Sales Tips and Sailing at DMC Boston's ADCM
A few times per year, each of the DMC offices takes the day off to work on company improvement and have some fun. We call it the All Day Company Meeting, or ADCM. Our Spring 2015 ADCM featured a brewery tour and indoor rock-climbing, so we decided to get some fresh air and take to the seas this time around. With the recent opening of two new DMC offices in New York and Houston, DMC's Boston office got the chance to share an ADCM with employees from all three offices.
We spent the morning having discussions with some of the more experienced DMCers in Christopher Columbus Park. We set up picnic blankets on the grassy lawn, and learned things like how to maintain a friendly work environment, how to entertain and thank clients, and a lot of general tips and tricks to being a great consultant. In the afternoon we weighed anchor and tried our hand at sailing races (but not before squeezing in a picnic lunch from Jimmy John's and free ice cream from a nearby ice cream truck).
A sailing race begins with a 5 minute countdown where all sailboats jockey for ideal placement. The goal is to be passing through the starting line at full speed when the countdown hits zero. Professional sailors manage to do this with absurd accuracy and skill. Since this was nearly everyone's first time sailing, we only managed to point our boat roughly in the correct direction, but our competitive spirit heated up quickly anyways.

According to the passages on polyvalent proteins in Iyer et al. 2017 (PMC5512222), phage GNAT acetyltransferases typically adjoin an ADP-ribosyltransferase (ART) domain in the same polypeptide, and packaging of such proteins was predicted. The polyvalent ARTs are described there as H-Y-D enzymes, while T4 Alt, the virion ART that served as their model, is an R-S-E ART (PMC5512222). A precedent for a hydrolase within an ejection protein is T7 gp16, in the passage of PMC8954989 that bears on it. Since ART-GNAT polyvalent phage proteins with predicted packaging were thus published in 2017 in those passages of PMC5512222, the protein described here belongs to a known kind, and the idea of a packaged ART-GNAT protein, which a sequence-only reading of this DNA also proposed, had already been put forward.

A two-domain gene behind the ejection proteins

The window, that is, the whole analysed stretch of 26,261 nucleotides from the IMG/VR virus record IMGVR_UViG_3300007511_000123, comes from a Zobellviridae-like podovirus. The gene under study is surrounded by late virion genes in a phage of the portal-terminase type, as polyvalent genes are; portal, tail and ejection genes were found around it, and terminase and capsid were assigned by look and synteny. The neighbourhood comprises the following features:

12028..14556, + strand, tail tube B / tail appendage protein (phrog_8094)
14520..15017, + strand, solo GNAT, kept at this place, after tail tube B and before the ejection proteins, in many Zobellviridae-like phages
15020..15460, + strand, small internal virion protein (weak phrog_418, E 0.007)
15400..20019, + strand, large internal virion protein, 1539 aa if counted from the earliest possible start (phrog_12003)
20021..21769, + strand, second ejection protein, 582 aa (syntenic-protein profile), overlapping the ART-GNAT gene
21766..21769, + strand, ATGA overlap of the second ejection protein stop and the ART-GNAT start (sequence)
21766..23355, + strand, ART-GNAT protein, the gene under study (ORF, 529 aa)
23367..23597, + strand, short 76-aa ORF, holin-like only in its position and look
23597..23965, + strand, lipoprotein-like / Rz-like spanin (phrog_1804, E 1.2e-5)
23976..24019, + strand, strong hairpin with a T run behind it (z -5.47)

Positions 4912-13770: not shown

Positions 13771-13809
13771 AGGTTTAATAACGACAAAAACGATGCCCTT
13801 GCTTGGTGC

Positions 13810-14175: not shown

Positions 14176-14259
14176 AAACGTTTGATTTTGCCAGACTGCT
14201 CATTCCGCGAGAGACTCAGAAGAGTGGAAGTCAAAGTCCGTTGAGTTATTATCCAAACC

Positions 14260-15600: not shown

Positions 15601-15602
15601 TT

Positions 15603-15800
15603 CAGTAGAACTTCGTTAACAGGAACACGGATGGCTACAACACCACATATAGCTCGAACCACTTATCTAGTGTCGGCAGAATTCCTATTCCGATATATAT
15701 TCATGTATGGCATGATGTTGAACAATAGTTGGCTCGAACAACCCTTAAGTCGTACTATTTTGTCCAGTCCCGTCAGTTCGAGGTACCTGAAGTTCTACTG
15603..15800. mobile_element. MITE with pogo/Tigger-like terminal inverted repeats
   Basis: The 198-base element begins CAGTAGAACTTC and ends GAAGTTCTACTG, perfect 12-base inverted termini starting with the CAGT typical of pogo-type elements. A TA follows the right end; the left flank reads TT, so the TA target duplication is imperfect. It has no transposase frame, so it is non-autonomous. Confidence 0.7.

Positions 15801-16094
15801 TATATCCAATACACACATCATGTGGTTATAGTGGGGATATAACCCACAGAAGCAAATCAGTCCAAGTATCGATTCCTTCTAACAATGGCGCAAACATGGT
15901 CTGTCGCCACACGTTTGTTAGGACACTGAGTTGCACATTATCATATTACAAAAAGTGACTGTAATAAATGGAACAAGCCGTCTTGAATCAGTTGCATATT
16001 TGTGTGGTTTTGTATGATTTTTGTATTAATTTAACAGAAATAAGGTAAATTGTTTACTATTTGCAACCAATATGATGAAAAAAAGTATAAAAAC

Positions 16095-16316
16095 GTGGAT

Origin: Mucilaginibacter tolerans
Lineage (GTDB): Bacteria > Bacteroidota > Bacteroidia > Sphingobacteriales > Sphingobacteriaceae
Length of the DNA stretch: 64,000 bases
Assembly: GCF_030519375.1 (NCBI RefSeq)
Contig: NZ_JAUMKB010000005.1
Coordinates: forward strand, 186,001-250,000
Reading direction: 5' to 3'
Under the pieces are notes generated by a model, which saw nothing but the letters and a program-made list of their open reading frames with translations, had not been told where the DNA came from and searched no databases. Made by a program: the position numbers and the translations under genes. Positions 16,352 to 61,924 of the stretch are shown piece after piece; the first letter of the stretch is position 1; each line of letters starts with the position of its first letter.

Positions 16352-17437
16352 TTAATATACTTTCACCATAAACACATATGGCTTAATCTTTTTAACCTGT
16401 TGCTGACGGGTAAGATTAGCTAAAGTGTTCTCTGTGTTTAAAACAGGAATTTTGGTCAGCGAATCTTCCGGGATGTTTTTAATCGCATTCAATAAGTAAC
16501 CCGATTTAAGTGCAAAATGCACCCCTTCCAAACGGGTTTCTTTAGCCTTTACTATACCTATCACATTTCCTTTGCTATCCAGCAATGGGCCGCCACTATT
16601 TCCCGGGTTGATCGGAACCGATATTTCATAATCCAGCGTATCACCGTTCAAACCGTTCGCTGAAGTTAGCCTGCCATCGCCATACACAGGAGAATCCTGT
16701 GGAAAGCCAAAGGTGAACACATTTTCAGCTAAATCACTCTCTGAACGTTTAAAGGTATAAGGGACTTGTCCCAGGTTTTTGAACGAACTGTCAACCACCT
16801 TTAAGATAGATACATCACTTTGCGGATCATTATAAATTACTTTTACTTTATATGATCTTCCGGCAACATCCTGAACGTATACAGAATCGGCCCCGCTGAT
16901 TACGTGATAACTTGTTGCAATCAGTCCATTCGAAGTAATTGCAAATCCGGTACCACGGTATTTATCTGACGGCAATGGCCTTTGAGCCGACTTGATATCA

We split into four teams and set sail into the Atlantic Ocean after a quick training session with our captains. The teams competed in a regatta around Spectacle Island (a small island just off the Boston coast, so-named for its eyeglass shape). The island apparently has berry-picking, a potential future activity. The course also went right by Logan Airport, so we spent 3 hours watching jet and turboprop planes flying directly overhead. Dan Freve (manager of the Boston office and an experienced sailor) and his team took an early lead with their mastery of tacking. This involves sailing at alternate 45 degree angles to effectively sail upwind. Right on their stern, however, was a sailboat led by Houston office manager, Jason Mayes.
It was at this point that we switched from sailing upwind to downwind which requires changing one of the sails. It was neck and neck right up until we rounded Spectacle island, where the race opened into a close race for first and second with third place straggling behind. A smooth transition from the Jib to the Spinnaker allowed Jason’s boat to pass, and they did not look back on their way to the finish line. A post-regatta celebration was held at Granary Tavern in downtown Boston where us land-lubbers enjoyed some grog and merriment. We spent the rest of the night bar-hopping until 2am and arguing over who really won the race.
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